GAITHERSBURG, MD -- (Marketwire) -- 12/06/12 -- Cytomedix, Inc. (OTCQX: CMXI) (the "Company"), a regenerative therapies company commercializing and developing innovative platelet and adult stem cell technologies, announced today the signing of an agreement with NIH to collaborate on a Phase 2 clinical study in patients with intermittent claudication (IC). IC is caused by peripheral arterial disease (PAD), a condition causing reduced flow of blood and oxygen to muscles of the leg. The study is being funded by NHLBI/NIH and managed by the Cardiovascular Cell Therapy Research Network (CCTRN), which is also responsible for enrolling patients. The CCTRN is a network that includes seven centers in the United States with experience and expertise in stem cell clinical trials studying treatments for cardiovascular heart diseases.
The Phase 2 PACE (Patients with Intermittent Claudication Injected with ALDH Bright Cells) study is an 80 patient, double-blind, placebo-controlled clinical trial intended to demonstrate the safety and efficacy of ALD-301 (Bright Cells) in patients diagnosed with IC. The primary endpoints of the study are safety and the change in peak walking time at 6 months compared to baseline. Additionally, changes in leg collateral arterial anatomy, calf muscle blood flow, and tissue perfusion as determined by magnetic resonance imaging (MRI) will be examined. These novel MRI techniques are incorporated into the study to assess perfusion, providing a unique set of data potentially supporting the angiogenic mechanism of Bright Cells. The clinical study has received Investigational New Drug approval from the U.S. Food and Drug Administration (FDA) and is expected to begin enrollment in Q1 2013 upon the Investigational Review Board approvals from the participating centers.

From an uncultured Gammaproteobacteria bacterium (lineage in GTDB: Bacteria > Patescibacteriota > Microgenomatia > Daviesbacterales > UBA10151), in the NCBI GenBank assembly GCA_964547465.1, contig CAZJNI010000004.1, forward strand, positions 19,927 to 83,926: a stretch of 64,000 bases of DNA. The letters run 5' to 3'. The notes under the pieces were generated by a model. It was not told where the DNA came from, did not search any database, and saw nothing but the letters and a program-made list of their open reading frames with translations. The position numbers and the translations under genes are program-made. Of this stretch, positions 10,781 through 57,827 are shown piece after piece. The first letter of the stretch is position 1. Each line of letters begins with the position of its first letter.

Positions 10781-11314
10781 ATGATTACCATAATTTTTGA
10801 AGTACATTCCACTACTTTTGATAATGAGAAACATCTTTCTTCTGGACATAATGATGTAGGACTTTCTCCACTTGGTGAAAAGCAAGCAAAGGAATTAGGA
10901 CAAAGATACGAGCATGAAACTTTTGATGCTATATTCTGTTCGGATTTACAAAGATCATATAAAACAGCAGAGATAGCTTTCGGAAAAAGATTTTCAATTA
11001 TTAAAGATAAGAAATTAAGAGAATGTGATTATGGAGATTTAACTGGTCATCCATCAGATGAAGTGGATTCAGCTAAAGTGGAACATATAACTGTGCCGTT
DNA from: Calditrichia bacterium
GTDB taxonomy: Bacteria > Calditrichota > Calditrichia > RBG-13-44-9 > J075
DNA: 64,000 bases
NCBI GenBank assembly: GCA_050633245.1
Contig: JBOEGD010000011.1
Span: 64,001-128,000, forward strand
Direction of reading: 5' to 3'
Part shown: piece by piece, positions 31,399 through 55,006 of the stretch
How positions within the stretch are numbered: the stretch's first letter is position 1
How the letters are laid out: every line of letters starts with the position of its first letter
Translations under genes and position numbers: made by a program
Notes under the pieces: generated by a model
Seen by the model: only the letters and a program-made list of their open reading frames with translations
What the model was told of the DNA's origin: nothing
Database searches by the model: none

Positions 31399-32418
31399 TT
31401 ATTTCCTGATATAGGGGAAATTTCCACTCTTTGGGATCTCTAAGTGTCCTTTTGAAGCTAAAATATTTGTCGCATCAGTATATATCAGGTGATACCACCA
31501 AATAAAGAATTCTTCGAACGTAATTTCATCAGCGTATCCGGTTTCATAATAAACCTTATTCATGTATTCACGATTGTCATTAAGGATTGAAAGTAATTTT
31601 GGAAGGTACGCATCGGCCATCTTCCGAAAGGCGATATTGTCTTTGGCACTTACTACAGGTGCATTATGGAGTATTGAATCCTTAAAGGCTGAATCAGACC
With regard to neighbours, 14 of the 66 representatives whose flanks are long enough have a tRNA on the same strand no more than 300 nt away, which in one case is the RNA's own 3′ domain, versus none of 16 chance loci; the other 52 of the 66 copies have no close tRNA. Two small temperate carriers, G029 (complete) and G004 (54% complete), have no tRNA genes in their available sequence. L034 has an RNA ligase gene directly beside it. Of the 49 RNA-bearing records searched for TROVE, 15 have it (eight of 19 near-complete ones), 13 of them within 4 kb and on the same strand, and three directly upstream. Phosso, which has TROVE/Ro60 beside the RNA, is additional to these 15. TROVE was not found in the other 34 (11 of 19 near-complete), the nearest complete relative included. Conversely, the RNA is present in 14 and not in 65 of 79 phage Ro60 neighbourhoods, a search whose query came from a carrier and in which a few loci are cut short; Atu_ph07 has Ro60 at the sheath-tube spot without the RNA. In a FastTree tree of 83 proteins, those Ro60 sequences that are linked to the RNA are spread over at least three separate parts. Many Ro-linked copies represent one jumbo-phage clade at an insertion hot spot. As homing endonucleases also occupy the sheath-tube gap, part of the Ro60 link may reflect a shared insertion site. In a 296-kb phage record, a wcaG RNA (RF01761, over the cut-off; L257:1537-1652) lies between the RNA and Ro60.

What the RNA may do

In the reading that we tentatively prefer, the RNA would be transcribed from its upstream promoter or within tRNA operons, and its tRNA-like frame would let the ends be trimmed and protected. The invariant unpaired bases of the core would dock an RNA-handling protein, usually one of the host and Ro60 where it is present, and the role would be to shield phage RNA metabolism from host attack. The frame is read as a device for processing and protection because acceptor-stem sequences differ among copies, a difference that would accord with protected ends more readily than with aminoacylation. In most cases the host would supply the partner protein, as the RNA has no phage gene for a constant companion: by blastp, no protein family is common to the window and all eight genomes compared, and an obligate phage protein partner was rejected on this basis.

Martin P. Rosendale, Chief Executive Officer of Cytomedix, stated, "We are delighted that the CCTRN has chosen to collaborate with Cytomedix on this study. Our February acquisition of Aldagen and the Bright Cell technology has positioned us well to play a leading role in investigating promising clinical paths in regenerative medicine where there exists significant unmet medical need. We look forward to supplying a highly differentiated personalized cell therapy product to the participating CCTRN centers involved with this important PAD indication. Intermittent claudication is a serious consequence of arteriosclerosis which, if left untreated, will likely progress to pain at rest and possibly open wounds. Our experience with the AutoloGel product and the clinical treatment of lower extremity wounds resulting from CLI has provided us with a full appreciation of the difficult clinical outcomes associated with this compromised patient population. We are hopeful that improvements in lower leg blood flow will lead to increased peak walking time which has been accepted as an FDA approvable endpoint in pivotal Phase 3 trials in IC."
"This is the first randomized clinical trial to look at the benefits of autologous stem cell therapy in PAD patients with IC. It will collect important mechanistic and clinical information on the efficacy and safety of the direct injection of Bright Cells into these patients. It will also evaluate the utility of advanced imaging endpoints that could be used in the future to further understand the impact of novel therapies in this patient population," added Lem Moyé, M.D., Ph.D., professor of biostatistics at the University of Texas School of Public Health, Houston, and co-author of the study protocol.
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